Aparajito (1956) - News Poster



No Fear: The Year’S Best Movies

This is definitely the time of year when film critic types (I’m sure you know who I mean) spend an inordinate amount of time leading up to awards season—and it all leads up to awards season, don’t it?—compiling lists and trying to convince anyone who will listen that it was a shitty year at the movies for anyone who liked something other than what they saw and liked. And ‘tis the season, or at least ‘thas (?) been in the recent past, for that most beloved of academic parlor games, bemoaning the death of cinema, which, if the sackcloth-and-ashes-clad among us are to be believed, is an increasingly detached and irrelevant art form in the process of being smothered under the wet, steaming blanket of American blockbuster-it is. And it’s going all malnourished from the siphoning off of all the talent back to TV, which, as everyone knows,
See full article at Trailers from Hell »

“The Apu Trilogy” (Directed by Satyajit Ray, 1955/1956/1959) (The Criterion Collection)

  • CinemaRetro
“Songs Of Humanity”

By Raymond Benson

I’ll bet many of you cinephiles out there have heard of Indian filmmaker Satyajit Ray’s acclaimed trilogy of films from the 1950s (Pather Panchali, aka Song of the Little Road, 1955; Aparajito, aka The Unvanquished, 1956; and Apur Sansar, aka The World of Apu, 1959), but have never actually seen them. Here is your chance to rectify that egregious error. Quite simply put, anyone interested in film history needs to have this trio of motion pictures under the belt.

Satyajit Ray, who received an Honorary Oscar for Lifetime Achievement in 1992, began his career as an illustrator of books. One of these was Pather Panchali, a classic of Bengali literature (1928) written by Bibhutibushan Bandyopadhyay, and its sequel, Aparajito (1932). They comprise the story of the growth of a boy from infancy to adulthood over the course of twenty-five years or so (from the 1910s to the 1930s
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New on Video: The Apu Trilogy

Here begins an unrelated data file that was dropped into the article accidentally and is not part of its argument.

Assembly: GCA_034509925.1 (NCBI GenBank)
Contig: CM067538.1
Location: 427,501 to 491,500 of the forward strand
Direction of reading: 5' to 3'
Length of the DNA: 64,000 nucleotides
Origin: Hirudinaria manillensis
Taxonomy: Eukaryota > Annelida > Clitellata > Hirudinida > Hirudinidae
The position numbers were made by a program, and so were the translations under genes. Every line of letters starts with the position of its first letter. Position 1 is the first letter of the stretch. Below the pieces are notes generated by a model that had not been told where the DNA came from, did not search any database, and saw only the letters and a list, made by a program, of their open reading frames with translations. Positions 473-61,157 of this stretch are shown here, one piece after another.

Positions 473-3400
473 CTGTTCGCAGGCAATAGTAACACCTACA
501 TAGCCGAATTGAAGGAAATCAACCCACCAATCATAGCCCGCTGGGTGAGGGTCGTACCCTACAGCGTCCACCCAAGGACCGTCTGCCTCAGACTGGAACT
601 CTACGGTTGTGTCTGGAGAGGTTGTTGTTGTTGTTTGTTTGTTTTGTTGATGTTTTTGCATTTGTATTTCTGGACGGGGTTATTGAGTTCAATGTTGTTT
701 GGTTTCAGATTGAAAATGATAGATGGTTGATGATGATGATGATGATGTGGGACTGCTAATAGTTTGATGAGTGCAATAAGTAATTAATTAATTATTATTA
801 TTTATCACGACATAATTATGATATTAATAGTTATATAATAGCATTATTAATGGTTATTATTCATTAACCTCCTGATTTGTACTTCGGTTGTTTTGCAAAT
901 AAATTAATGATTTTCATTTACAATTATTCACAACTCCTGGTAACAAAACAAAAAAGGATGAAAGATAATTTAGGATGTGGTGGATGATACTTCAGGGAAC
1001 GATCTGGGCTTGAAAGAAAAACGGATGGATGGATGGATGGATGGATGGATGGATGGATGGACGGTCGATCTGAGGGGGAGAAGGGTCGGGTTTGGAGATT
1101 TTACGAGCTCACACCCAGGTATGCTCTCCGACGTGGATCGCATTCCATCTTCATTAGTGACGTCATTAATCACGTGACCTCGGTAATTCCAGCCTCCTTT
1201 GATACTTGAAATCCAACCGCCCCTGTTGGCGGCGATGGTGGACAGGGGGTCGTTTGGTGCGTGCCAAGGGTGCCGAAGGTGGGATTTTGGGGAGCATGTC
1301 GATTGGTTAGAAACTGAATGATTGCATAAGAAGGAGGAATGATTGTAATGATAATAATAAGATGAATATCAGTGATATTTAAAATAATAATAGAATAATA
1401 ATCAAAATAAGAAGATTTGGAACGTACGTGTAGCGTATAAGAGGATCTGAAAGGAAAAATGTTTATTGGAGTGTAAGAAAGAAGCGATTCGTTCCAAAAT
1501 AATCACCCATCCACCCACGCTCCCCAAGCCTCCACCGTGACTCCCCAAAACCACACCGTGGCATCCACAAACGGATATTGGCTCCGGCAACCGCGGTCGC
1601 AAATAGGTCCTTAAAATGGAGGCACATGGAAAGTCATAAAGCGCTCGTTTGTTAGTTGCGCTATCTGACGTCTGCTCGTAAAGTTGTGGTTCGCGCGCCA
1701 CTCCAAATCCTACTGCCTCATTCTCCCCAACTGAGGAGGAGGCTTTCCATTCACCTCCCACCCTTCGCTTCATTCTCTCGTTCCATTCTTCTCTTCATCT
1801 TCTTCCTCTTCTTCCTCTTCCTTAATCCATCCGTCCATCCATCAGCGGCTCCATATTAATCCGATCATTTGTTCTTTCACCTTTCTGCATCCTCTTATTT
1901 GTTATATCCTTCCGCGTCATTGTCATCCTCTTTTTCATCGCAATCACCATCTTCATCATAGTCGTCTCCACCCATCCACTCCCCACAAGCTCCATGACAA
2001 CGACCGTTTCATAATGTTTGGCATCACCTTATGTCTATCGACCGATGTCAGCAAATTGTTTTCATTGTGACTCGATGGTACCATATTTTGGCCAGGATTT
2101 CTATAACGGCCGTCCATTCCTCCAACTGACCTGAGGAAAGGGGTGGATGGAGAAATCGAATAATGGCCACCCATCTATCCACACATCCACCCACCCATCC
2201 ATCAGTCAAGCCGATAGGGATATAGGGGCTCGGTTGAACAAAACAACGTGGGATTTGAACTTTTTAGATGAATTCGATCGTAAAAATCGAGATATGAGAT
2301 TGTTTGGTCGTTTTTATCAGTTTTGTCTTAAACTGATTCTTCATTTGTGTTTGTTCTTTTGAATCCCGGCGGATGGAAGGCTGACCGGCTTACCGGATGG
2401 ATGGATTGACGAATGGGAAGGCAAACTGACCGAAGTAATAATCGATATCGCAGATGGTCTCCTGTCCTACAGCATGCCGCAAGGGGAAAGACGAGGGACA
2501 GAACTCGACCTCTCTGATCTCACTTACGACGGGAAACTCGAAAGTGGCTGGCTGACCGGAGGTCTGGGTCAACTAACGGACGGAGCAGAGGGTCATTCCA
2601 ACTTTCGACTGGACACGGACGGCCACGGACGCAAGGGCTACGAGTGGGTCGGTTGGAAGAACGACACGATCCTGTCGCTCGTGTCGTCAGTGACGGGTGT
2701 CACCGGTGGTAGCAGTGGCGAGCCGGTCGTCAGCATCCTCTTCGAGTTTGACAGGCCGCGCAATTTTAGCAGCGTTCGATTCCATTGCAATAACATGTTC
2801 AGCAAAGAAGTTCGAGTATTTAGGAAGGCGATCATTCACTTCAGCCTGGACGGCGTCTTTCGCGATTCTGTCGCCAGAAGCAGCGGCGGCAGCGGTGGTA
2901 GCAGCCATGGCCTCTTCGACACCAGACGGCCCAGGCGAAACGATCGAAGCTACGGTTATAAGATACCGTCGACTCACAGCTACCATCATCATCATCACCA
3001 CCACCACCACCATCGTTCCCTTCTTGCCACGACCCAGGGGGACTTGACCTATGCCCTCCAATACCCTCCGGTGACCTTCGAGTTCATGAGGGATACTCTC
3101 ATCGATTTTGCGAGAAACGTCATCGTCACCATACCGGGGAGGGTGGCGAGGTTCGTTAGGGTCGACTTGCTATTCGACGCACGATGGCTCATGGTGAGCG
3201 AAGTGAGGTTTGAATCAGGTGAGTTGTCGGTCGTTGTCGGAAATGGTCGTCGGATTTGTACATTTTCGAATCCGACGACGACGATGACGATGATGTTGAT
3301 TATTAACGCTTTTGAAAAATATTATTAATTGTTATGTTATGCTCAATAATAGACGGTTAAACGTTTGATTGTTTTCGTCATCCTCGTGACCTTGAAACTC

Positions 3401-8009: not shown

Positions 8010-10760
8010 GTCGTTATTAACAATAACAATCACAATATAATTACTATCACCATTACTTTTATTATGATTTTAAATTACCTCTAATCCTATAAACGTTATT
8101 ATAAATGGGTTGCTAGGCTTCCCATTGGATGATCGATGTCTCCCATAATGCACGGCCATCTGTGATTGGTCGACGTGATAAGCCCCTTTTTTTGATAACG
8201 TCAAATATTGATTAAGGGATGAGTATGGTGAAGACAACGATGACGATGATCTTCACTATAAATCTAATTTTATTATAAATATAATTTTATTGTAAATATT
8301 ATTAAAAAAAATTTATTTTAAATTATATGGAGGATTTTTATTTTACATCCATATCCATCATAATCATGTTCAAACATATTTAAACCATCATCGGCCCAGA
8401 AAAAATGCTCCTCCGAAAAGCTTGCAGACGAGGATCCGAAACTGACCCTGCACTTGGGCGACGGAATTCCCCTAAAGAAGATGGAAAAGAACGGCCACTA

Pather Panchali/Aparajito/Apur Sansar

Written and directed by Satyajit Ray

India, 1955/1956/1959

The Criterion Collection set of Satyajit Ray’s Apu trilogy has been one of the more eagerly anticipated releases in recent years. These masterworks of world cinema, widely acclaimed for decades, have been long overdue a much-deserved superior treatment on home video. Now though, benefitting from a 4K digital restoration by the Academy Film Archive and L’Immagine Ritrovata, and with a wealth of bonus features, these exceptional films are available in the superb presentation so many have been waiting for.

But to start at the source, such a treatment would not have been warranted in the first place were the films themselves not so remarkable, and that they most certainly are. As no less an authority than Akira Kurosawa puts it, “To have not seen the films of Ray is to have lived in the world without
See full article at SoundOnSight »

Almodóvar Changes Titles, Scorsese on the Fragility of Film, PTA’s Chronology, and More

Dailies is a round-up of essential film writing, news bits, videos, and other highlights from across the Internet. If you’d like to submit a piece for consideration, get in touch with us in the comments below or on Twitter at @TheFilmStage.

Pedro Almodóvar explains why he changed the title of his next film from Silencio to Julieta (via THR), and see a new look above:

When we began with preproduction I found out that Martin Scorsese was going to shoot a film with the same title, but I didn’t mind because I thought that I would use the Spanish title, which sounds much different, in the markets. Scorcese and I have finished shooting our respective films and we know that we will coincide in theaters around the world next year around the same time. Additionally, the novel the film is based on by Shusaku Endo will be rereleased.
See full article at The Film Stage »

The Criterion Collection announces line-up for November

The Criterion Collection has this week announced it’s Blu-ray release line-up for November, which includes Michael Haneke’s Code Unknown, Akira Kurosawa’s Ikiru, Richard BrooksIn Cold Blood, Satyajit Ray’s The Apu Trilogy, and D. A. Pennebaker’s Don’t Look Back. Details on all the releases, including cover-art and special features are listed below.

Code Unknown

One of the world’s most influential and provocative filmmakers, the Academy Award–winning Austrian director Michael Haneke diagnoses the social maladies of contemporary Europe with devastating precision and staggering artistry. His 2000 drama Code Unknown, the first of his many films made in France, may be his most inspired work. Composed almost entirely of brilliantly shot, single-take vignettes focusing on characters connected to one seemingly minor incident on a Paris street, Haneke’s film—with an outstanding international cast headlined by Juliette Binoche—is a revelatory take on racial inequality